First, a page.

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Lovers of dried flowers cook up an easier way -- the microwave


You can hang them, press them, bury them or stretch them out on racks. But that's for traditionalists. The hip and hurried will simply turn on the microwave oven the next time they want to dry flowers and foliage.

The standard four methods all require days or weeks to execute, and often, the final product isn't true to the original flower in either color or shape.

With silica gel and a microwave oven, dried flowers can be achieved in minutes, and will retain their delicacy and color.

Silica gel -- not a "gel" at all, but a grainy substance resembling fine sand -- is well known to camera and gun enthusiasts as a way to keep their expensive equipment dry. The fine blue granules have the ability to absorb up to 40 percent of their weight in moisture, and can be re-used time and again.

* Choose fresh flowers with simple structures and thin petals (save the more intricate blooms until you have some experience in flower drying). Some flowers fade a little after drying, so choose bright, vivid colors. Flowers should be past the "bud" stage -- the silica gel can't penetrate to the bud's center -- but not yet mature enough to start dropping petals.

* Blossoms should be dry. Pick after the dew has evaporated, and allow to stand in a vase following watering or a rain.

* Each type of flower requires a different drying time, so separate flowers by variety. Using the floral shears, trim the stems to about an inch and a half below the flowers' heads. Insert a wooden toothpick into each flower through the stem.

* Pour an inch of silica gel in the bottom of the cardboard box or casserole. Stand the flowers upright in the granules, spacing them 2 inches from each other and from the box's sides. With the tweezers, gently open each flower's petals and sprinkle silica gel under, among and over them. Add more silica gel carefully until the flowers are covered by about an inch.

* If your microwave oven has a center rack, place the box or casserole on it so air can circulate beneath. Without a rack, put three layers of white paper towels on the oven's bottom to absorb moisture, and set the box on top of them. (Do not use recycled paper, which may have metal flakes from staples, as it can damage your oven.)

* Set your microwave's power at 30 percent ("low" or "defrost" on many microwave ovens). Drying time will depend upon the natural moisture contents of the flowers and how many are dried at one time. Six flowers in 5 pounds of silica gel will take about seven or eight minutes.

* A microwave meat thermometer can make the timing easier. Insert it upright into the center of the granules, and microwave until the temperature of the gel reaches 160 degrees.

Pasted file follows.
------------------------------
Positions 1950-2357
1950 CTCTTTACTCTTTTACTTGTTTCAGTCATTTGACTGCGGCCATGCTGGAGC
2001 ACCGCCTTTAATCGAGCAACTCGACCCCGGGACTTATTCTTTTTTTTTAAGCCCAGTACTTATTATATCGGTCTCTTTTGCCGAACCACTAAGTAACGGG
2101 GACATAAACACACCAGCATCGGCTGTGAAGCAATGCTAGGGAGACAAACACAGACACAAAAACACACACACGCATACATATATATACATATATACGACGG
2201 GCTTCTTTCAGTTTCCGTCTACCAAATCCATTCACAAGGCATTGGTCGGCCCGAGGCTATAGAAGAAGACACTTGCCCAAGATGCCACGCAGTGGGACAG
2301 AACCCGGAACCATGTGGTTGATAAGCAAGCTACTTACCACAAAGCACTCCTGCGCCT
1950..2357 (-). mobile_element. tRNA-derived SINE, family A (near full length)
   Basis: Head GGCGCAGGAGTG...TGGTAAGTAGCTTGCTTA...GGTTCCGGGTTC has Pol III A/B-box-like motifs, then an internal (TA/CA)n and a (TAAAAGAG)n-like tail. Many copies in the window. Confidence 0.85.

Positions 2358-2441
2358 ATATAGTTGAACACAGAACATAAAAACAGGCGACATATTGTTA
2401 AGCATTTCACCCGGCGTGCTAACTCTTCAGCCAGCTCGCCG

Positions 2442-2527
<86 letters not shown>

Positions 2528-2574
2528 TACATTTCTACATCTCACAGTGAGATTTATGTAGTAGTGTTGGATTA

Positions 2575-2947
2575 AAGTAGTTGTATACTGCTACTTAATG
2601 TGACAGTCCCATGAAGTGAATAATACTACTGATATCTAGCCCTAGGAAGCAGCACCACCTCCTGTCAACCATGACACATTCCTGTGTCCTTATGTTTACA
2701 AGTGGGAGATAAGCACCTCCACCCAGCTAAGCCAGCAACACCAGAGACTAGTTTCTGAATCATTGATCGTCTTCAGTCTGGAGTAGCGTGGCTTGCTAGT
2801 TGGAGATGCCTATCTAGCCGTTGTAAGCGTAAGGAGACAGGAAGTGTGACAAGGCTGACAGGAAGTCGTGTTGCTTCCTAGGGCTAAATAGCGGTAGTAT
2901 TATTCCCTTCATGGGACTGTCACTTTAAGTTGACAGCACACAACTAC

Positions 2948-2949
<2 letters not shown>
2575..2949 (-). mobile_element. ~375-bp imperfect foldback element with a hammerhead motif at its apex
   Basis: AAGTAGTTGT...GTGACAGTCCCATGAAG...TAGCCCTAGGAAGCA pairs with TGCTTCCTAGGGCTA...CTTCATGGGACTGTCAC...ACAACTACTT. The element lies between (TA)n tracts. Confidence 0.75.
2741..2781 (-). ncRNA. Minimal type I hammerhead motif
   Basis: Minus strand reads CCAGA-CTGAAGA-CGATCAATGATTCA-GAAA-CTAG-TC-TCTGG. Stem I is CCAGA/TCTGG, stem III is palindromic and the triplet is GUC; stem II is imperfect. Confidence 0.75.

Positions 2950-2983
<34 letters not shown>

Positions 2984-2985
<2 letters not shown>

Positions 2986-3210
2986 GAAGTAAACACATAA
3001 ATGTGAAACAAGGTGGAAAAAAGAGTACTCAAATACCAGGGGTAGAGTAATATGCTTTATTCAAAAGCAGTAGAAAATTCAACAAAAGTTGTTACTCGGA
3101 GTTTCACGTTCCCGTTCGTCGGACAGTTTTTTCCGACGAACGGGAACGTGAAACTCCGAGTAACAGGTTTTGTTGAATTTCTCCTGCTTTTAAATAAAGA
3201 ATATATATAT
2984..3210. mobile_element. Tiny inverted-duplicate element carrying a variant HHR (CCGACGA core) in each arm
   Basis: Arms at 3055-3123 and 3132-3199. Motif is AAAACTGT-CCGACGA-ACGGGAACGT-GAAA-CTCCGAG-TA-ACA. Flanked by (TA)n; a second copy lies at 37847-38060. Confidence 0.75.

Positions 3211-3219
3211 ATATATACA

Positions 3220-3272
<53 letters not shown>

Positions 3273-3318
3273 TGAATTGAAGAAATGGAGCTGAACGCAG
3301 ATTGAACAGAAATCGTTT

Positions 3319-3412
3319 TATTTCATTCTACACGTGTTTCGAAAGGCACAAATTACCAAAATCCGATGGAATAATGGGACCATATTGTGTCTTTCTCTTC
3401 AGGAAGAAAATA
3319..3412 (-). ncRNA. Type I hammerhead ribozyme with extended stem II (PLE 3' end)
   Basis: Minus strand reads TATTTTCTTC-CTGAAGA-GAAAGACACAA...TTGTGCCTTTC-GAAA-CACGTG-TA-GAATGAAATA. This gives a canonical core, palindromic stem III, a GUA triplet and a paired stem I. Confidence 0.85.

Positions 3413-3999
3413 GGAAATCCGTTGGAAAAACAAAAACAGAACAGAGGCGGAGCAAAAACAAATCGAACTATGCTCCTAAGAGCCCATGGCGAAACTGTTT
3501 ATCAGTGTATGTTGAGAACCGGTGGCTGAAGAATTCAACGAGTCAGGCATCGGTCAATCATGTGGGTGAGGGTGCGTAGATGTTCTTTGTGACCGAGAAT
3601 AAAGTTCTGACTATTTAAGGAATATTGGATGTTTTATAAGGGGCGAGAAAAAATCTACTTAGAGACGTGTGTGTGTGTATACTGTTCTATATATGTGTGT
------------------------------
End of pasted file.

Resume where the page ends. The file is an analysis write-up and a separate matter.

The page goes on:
* Flowers, like most microwaved items, continue cooking (and drying) for a short time after the oven stops. This "stand time," may vary from 10 to 20 minutes, depending upon the thickness and quantity of blooms -- thinner petals equal shorter stand times.

* When cool, begin to pour the silica gel gently from the box. As the flowers emerge from the shifting granules, carefully lift them out with a slotted spoon or spatula.

* Use the small paint brush to remove granules very gently from between the petals. If some flower centers aren't completely dry, carefully re-cover them with silica gel, and microwave for an additional 30 to 45 seconds each.

* Allow the silica gel to cool completely between batches. As the granules absorb moisture, they will begin to change color -- first to lavender, then to pink. When the silica gel has absorbed all the moisture it can hold, pour the pink granules into a flat glass casserole and microwave uncovered 10 to 12 minutes, stirring twice. As moisture evaporates, the granules will regain their bright blue color. Let them cool, and they're ready to use again.

Greenery gives depth to your floral arrangement, and leaves can be dried by the same method as flowers. Choose leaves and ferns that are full and spread, in a variety of colors and shapes. Layer them in flat tiers in the silica gel, carefully covering each layer with granules. The drying process may cause the leaves to change color slightly, from a bright, leaf-green to a duller olive.

Store your collection of dried flowers and foliage loosely, in large, flat boxes with tight-fitting covers. Cardboard boxes should be placed in plastic bags for protection from moisture. In a damp climate, pour a little silica gel into the bottom of the storage box to absorb any moisture and keep the flowers from wilting.

When you have accumulated enough dried flowers and foliage to create an arrangement, attach floral wire to the toothpick "stems" with stretchy floral tape. Dried flowers are more fragile than their fresh counterparts, so handle them carefully.

Spray your finished creations with hair spray to form a moisture and dust barrier. Your dried creations may not last as long as the pyramids, but if you keep them away from moisture and direct sunlight, you will enjoy their beauty for years to come.


Before starting the preservation process, collect the tools you will ne4ed;

* Fine-grained silica gel, at least 5 pounds (from craft shops).

* A large cardboard shoe box or large glass casserole.

* Wooden toothpicks.

* Floral shears.

* A small paint brush.

* A microwave meat theromometer (optional, but will make the job easier).

* Floral wire.

* Floral tape, either green or brown (available by the roll in craft or floral shops).

* Several large flat boxes, with lids )to store the flowers after drying).

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